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Zoe Nikakis
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A University of Melbourne survey funded by VicHealth has found one in five primary and high school students said they were daily targets of racism at school.

It also found the levels of racism may be much higher, as many school students reported they frequently witnessed racism which was directed at others. More than two-thirds of students said they saw another student being teased because of their cultural background at least once a month.

The results, from a benchmarking survey of 264 young people aged eight to 17-years-old, include the finding that a third (33.2%) of students reported direct experiences of racism at school at least every month, mostly perpetrated by other students. This figure rose to 45 per cent if the student was born overseas.

The most common racist experience students reported was being told they did not belong in Australia, followed by being left out of play or group work, being spat on, pushed or hit and, less commonly, being excluded by a teacher. It was far more common for primary school students to witness and experience racism than secondary students.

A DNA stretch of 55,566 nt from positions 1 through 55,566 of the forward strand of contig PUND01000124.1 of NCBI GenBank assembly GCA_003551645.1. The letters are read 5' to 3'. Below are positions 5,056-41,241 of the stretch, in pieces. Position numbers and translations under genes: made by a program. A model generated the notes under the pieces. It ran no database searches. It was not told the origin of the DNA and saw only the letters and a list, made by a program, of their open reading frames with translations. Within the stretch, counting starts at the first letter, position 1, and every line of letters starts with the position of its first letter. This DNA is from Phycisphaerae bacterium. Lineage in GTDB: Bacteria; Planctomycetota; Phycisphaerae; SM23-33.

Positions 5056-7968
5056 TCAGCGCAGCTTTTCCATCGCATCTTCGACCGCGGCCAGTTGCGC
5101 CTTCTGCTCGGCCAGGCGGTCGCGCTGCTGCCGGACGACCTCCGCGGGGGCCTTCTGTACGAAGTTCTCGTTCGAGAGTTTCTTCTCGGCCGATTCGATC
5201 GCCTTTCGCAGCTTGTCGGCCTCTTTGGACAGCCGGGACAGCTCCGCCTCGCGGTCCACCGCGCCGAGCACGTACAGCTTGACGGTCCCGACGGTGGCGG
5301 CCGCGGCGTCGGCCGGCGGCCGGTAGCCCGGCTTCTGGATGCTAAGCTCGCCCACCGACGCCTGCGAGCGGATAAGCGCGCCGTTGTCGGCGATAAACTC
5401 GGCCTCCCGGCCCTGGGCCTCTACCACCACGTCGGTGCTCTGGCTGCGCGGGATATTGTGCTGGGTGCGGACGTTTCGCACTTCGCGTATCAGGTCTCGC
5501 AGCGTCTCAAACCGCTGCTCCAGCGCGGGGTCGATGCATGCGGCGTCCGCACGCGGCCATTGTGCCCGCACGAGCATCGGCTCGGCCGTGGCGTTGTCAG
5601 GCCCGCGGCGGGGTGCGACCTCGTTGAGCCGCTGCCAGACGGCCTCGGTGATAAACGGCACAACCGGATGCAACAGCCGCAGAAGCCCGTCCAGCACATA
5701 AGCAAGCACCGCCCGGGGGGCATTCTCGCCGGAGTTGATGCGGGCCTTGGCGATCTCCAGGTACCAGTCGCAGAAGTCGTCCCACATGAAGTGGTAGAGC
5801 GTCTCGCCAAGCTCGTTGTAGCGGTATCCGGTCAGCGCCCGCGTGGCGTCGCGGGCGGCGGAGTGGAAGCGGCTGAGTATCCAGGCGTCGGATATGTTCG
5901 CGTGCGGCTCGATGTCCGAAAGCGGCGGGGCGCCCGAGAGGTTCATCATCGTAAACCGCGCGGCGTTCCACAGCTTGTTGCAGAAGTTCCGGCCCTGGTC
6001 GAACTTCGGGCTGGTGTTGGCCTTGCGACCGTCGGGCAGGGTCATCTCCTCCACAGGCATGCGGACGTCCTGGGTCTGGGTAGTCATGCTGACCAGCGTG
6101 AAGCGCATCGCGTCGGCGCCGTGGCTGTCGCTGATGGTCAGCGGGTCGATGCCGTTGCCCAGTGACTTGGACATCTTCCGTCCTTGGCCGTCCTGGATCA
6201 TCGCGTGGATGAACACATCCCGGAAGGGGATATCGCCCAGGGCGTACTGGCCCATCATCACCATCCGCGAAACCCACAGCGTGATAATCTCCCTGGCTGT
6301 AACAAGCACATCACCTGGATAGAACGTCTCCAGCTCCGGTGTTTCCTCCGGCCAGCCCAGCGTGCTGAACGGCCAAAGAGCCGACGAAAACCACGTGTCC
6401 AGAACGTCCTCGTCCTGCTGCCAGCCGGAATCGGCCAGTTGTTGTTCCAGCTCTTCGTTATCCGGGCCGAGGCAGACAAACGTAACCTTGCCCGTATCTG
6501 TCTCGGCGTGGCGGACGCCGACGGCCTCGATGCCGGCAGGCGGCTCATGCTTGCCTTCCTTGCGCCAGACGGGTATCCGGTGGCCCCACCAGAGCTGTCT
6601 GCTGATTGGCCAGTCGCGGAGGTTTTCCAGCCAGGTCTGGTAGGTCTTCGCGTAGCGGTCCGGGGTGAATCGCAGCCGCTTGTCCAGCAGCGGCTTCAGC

However, 444 school staff members who were also surveyed reported mostly positive attitudes towards and experiences of diversity, saying staff very rarely or never experienced racism. Most felt positive about their schools’ environments and efforts to create a pro-diversity culture.

Lead researcher and child racism expert Dr Naomi Priest from the University of Melbourne and Deakin University will present the findings at the Lowitja Institute racism and child health symposium in Melbourne today.

Dr Priest said these results strongly supported the need for effective school-based interventions to prevent race-based discrimination.

“We found that experiences of racism at school had a consistent detrimental effect on students’ mental wellbeing,” she said.

“Those who directly experienced racism were the most likely to feel sad and isolated.

“We also found that students who reported more motivation to be fair to others from different cultural backgrounds reported more positive mental wellbeing.”

Dr Priest said interventions to promote a culture of fairness in school may have a positive impact on experiences of loneliness for all students.

“It would appear that school staff may not be fully aware of the discriminatory behaviour being perpetuated at school. Ongoing support is needed for school staff in order to build capacity for school-based pro-diversity interventions. We are currently working with schools and education departments to develop and implement such interventions,” she said.

VicHealth CEO Jerril Rechter said rather than avoiding the topic of cultural differences, it should be discussed by teachers at school and at home by parents, to teach children to respect and value our multicultural society.

For more information, see the Journal of Youth and Adolescence Experiences of Racism, Racial/Ethnic Attitudes, Motivated Fairness and Mental Health Outcomes Among Primary and Secondary School Students paper